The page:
Both sides say you cannot trust the government, but Democrats’ views don’t change depending on who is in the White House while Republicans are far more trusting of government when one of their own is president:

In Barack Obama’s six years as president, 13% of Republicans, on average, have said they can trust the government always or most of the time – the lowest level of average trust among either party during any administration dating back 40 years. During George W. Bush’s presidency, an average of 47% of Republicans said they could trust the government. By contrast, the share of Democrats saying they can trust the government has been virtually unchanged over the two administrations (28% Bush, 29% Obama).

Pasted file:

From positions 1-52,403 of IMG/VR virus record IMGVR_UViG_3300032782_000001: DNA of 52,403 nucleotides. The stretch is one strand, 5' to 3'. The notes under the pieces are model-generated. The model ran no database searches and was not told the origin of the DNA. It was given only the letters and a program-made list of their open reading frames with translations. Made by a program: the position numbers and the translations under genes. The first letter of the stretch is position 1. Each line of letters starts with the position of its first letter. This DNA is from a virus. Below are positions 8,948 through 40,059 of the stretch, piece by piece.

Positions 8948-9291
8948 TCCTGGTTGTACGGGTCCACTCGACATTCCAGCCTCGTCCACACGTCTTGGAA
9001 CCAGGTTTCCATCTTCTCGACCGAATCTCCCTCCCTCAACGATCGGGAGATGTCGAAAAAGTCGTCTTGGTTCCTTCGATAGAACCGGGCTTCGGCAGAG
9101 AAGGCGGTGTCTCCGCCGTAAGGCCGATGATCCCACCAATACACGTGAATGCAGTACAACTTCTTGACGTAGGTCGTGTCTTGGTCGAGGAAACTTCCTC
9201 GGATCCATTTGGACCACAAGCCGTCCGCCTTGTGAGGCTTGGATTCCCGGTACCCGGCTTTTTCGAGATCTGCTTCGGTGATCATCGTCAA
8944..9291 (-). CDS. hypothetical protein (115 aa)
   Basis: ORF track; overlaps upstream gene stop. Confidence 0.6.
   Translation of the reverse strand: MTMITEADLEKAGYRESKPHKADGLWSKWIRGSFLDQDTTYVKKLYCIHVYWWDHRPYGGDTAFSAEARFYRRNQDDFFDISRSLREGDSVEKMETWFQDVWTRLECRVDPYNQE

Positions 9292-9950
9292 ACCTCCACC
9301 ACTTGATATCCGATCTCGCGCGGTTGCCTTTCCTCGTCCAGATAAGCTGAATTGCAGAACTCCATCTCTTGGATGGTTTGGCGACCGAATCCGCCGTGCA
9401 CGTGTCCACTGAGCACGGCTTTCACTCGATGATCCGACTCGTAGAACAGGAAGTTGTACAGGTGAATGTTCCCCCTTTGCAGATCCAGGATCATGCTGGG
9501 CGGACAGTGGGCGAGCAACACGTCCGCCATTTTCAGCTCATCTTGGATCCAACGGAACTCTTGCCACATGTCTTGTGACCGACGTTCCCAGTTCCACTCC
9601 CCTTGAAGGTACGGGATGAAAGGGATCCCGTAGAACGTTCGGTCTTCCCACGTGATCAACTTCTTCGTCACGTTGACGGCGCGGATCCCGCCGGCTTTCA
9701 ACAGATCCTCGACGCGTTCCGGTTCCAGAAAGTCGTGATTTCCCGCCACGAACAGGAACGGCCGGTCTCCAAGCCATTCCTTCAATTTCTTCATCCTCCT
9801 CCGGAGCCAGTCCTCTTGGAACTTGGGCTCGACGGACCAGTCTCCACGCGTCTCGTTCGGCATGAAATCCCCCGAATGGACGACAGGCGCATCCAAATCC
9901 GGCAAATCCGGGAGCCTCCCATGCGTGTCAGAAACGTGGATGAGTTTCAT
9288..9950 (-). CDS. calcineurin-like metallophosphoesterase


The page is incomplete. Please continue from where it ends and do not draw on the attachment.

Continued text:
It doesn’t appear, then, that despite their constant bleating about the predations of big government, this mistrust is truly a matter of principle with Republicans. Republican voters simply believe that government is the enemy unless Republicans are in charge of every bit of it. This famous quote by Grover Norquist in the wake of the 2004 GOP victory perfectly expresses how they believe government is supposed to work:

“Once the [Democratic] minority of House and Senate are comfortable in their minority status, they will have no problem socializing with the Republicans. Any farmer will tell you that certain animals run around and are unpleasant, but when they’ve been fixed, then they are happy and sedate. They are contented and cheerful. They don’t go aroundpeeing on the furniture and such.”